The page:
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E.D. Makes Grants To Help Develop Merit-Pay Plans

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Reporting that 33 states and the District of Columbia have made "encouraging progress" in the implementation of master-teacher plans, Secretary of Education Terrel H. Bell last week announced that the Education Department will award more than $1 million to 51 school districts, state education agencies, and other education institutions to help them develop and implement a variety of incentive-pay plans.

The list of grant recipients and the text of Secretary Bell's paper appear on pages 14 and 16.

At a press conference to publicize the grant awards, the Secretary also released a 12-page "peer-review model" for managing master-teacher programs. Apparently written by the Secretary himself, the document is intended, he said, to serve as an example of one approach to evaluating teacher performance and selecting teachers to be awarded.

The "essay" was distributed to education administrators and chief state school officers last week.

Secretary Bell lauded the efforts of the states that are in various stages of establishing master-teacher plans; he pointed to Arizona, Pennsylvania, and South Carolina as states in which proposals are under consideration, and to California, Florida, and Tennessee as states in which legislation enacting plans has been passed.

"Many states have taken a comprehensive reform approach and have considered teacher incentives as one component of an overall reform initiative," he said. "Other states have focused on particular aspects of the educational reform agenda, such as student standards and expectations, or teacher incentives."

The Secretary noted that the Administration's top education goal last year was to make public the findings of the National Commission on Excellence in Education, including the recommendation that "salaries for the teaching profession should be increased and should be professionally competitive, market-sensitive, and performance based" and that ''school boards, administrators, and teachers should cooperate to develop career ladders for teachers that distinguish among the beginning instructor, the experienced teacher, and the master teacher."

This year, he said, the Administration's objective is "to help states and local school districts implement reforms called for" by the commission. Many of the "Teacher Incentives Structures Planning Grants," he said, will lead to the adoption of master-teacher plans that provide career ladders, with appropriate financial incentives, patterned after academic rankings in higher education.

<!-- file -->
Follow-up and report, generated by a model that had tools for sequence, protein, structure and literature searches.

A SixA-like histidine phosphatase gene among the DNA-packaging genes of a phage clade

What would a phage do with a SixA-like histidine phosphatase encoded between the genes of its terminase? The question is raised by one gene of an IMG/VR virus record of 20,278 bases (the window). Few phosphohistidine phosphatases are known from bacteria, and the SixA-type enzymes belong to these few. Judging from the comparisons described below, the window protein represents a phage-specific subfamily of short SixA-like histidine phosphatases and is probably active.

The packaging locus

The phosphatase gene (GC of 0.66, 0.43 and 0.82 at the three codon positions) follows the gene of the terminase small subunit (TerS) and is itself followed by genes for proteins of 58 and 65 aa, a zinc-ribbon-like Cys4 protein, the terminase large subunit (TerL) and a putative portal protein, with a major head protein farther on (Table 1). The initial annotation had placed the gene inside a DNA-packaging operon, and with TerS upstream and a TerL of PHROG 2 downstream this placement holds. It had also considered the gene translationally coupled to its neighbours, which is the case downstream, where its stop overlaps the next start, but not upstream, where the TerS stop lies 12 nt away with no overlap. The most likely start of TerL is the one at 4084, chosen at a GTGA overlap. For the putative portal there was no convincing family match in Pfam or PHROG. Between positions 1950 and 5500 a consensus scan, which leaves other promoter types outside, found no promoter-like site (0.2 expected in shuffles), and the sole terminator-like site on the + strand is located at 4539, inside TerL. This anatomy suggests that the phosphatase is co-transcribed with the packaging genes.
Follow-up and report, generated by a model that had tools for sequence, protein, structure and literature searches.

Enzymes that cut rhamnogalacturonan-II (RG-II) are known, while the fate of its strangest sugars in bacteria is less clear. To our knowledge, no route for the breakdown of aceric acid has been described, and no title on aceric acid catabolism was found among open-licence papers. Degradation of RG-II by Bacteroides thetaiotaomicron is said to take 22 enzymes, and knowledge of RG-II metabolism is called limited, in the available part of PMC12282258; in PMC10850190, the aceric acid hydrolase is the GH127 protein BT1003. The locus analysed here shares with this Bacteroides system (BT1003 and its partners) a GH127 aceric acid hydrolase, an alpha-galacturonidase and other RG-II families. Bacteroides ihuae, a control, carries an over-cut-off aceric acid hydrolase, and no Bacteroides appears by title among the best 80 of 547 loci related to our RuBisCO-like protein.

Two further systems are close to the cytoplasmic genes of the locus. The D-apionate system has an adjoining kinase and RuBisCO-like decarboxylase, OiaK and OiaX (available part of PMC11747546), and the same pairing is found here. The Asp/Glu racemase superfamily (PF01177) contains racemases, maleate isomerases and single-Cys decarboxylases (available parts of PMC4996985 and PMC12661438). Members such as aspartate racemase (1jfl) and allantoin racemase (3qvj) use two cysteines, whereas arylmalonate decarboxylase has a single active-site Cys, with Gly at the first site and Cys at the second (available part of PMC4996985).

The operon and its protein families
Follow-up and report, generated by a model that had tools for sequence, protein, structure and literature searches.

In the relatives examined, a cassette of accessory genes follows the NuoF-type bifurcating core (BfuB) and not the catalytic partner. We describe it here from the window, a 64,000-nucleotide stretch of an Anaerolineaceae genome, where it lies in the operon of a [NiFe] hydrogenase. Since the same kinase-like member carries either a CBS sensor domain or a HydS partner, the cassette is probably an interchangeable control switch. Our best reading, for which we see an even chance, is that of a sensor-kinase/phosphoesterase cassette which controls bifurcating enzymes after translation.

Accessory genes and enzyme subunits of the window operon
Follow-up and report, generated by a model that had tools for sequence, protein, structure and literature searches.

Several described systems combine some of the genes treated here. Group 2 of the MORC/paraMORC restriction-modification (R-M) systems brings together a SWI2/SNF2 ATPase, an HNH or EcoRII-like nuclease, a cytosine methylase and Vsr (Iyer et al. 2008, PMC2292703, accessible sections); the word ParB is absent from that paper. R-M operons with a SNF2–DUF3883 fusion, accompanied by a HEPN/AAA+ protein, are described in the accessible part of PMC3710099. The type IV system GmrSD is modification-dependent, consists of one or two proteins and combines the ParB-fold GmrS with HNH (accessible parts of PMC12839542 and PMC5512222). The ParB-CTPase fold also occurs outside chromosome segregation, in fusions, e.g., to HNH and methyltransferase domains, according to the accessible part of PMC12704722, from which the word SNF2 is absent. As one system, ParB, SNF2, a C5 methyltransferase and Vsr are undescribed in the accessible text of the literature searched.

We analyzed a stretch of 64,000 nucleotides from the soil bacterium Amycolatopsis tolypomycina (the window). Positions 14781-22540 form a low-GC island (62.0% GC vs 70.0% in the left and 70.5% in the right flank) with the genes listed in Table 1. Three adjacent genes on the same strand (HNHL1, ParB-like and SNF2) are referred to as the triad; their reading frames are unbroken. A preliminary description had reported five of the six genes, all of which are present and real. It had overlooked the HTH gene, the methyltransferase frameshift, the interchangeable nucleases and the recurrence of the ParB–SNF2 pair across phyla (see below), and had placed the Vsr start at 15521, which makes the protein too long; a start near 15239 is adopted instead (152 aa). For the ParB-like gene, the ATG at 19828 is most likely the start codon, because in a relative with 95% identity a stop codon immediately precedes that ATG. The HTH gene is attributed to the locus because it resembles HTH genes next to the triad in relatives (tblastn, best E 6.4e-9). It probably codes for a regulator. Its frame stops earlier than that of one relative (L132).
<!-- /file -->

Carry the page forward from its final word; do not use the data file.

However, money for the grants is currently tied up in federal district court in Chicago, where the Chicago Board of Education has charged that it has a prior claim to the department's discretionary funds to support the city's desegregation program. Until the court lifts the impoundment, Secretary Bell explained, the department is unable to release the funds.

State Funding

Characterizing the types of grants awarded by the Education Department, Secretary Bell mentioned a $20,000 grant to the Ocean View School District in Huntington Beach, Calif., that will enable officials to establish a teacher-incentive plan in time to qualify for additional state funds in the 1984-85 school year. Under the state's new mentor-teacher program, California school districts that establish a mentor-teacher plan consistent with state legislation will be given additional state funds.

"In the case of Ocean View, a small federal grant, provided in a timely fashion, sets in motion a process that will bring a career ladder to Huntington Beach next year," Mr. Bell said. "This is a fine example of federal, state, and local cooperation to improve education."

Performance Evaluation

The Secretary acknowledged that a major problem in implementing performance-based pay systems is evaluating teacher performance and selecting those teachers to be awarded.

In his essay, the Secretary reiterates his view that master-teacher programs are needed, explains the career-ladder hierarchy of teaching positions, and outlines a method for selecting master teachers patterned, he writes, after the system used in higher education.

Improving Textbooks

At the press conference, Secretary Bell also reiterated a recommendation made by the excellence commission that, he said, "deserves much more attention than it has been getting: that textbooks and other tools of learning and teaching should be upgraded and updated to assure more rigorous content." (See Education Week, March 7, 1984.)

The Secretary cited a National Institute of Education finding that the typical student reads at least 32,000 textbook pages in grades K through 12, and an excellence commission study that found that 95 percent of classroom instruction is textbook-based. Because of such statistics, he said, schools and education leaders should "give the highest-priority attention to improving the quality of the textbook, since it plays such a vital role in the total curriculum in our schools." Without such efforts, he said, "education reform will falter."

Although he did not cite specific ways in which educators can help improve the quality of instructional materials, Secretary Bell emphasized the need for educators to work on a multi-state basis with publishers to determine how to improve textbooks.

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